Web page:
The City of Delhi
The city of Delhi, or Old Delhi (1991 pop. 7,175,000), on the Yamuna River, adjoins New Delhi in the east central part of the state and is a commercial center. It was enclosed by high stone walls erected in 1638 by Shah Jahan. Within the walls he built the famous Red Fort—so called for its walls and gateways of red sandstone—that contained the imperial Mughal palace. The fort remained a military garrison until 2003. In the palace is a public audience hall (Diwan-i-Am), where the splendid Peacock Throne stood, and a private audience hall (Diwan-i-Khas), built entirely of white marble and bearing the apt inscription "If there is a heaven on earth, it is this!" Shah Jahan also built the Jama Masjid [great mosque], one of the finest in Islam. Just south of the fort, on the Yamuna's bank, is Rajghat, where the bodies of Mohandas Gandhi and of India's prime ministers have been cremated; it is now one of the most revered shrines in India. In the northwest, beyond the old walls, is the Univ. of Delhi.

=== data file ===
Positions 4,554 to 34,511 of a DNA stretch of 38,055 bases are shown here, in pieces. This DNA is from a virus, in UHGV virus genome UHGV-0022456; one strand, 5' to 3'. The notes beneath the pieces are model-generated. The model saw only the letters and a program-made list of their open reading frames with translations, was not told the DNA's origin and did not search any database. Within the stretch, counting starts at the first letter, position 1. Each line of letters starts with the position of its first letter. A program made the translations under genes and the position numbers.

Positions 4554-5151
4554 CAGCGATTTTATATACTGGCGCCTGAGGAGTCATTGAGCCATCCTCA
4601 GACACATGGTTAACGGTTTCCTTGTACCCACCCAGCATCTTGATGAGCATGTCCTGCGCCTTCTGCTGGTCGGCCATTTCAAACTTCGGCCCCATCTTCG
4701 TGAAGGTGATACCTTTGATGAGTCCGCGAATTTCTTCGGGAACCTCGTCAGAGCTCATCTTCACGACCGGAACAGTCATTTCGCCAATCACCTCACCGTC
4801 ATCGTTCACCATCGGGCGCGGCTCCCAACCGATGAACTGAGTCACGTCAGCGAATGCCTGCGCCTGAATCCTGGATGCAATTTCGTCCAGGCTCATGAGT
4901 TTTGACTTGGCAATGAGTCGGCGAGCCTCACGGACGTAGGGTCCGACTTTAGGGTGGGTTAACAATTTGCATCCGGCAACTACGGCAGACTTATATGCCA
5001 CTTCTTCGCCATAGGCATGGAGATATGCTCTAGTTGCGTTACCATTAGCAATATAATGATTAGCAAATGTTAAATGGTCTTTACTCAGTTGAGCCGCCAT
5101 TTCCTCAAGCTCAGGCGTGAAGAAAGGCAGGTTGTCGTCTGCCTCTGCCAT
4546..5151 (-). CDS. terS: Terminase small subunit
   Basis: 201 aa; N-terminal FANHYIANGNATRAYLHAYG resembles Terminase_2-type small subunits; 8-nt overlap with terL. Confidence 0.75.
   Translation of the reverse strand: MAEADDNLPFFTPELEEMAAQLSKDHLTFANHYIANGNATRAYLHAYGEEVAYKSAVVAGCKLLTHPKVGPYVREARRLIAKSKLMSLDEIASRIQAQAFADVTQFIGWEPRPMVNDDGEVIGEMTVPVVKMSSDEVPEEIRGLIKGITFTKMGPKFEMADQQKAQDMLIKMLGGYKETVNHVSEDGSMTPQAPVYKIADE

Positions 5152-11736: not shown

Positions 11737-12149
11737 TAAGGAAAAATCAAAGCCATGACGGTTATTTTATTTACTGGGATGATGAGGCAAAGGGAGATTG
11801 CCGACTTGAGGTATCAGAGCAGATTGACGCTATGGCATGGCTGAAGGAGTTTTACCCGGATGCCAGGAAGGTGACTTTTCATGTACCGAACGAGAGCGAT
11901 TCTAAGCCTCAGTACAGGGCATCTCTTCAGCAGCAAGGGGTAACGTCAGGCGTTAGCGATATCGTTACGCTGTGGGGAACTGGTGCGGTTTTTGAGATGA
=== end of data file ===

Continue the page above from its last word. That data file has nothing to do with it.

The present city of Old Delhi did not become important until Shah Jahan (for whom it was sometimes called Shahjahanabad) made it the capital of the Mughal empire in 1638. It was sacked (1739) by the Persian Nadir Shah, who carried off the Peacock Throne. The city was held by the Marathas from 1771 until 1803, when the British took it. During the Indian Mutiny of 1857 it was held for five months by the rebel soldiers. Delhi Cantonment was (1912–31) interim capital of India until New Delhi was officially inaugurated.
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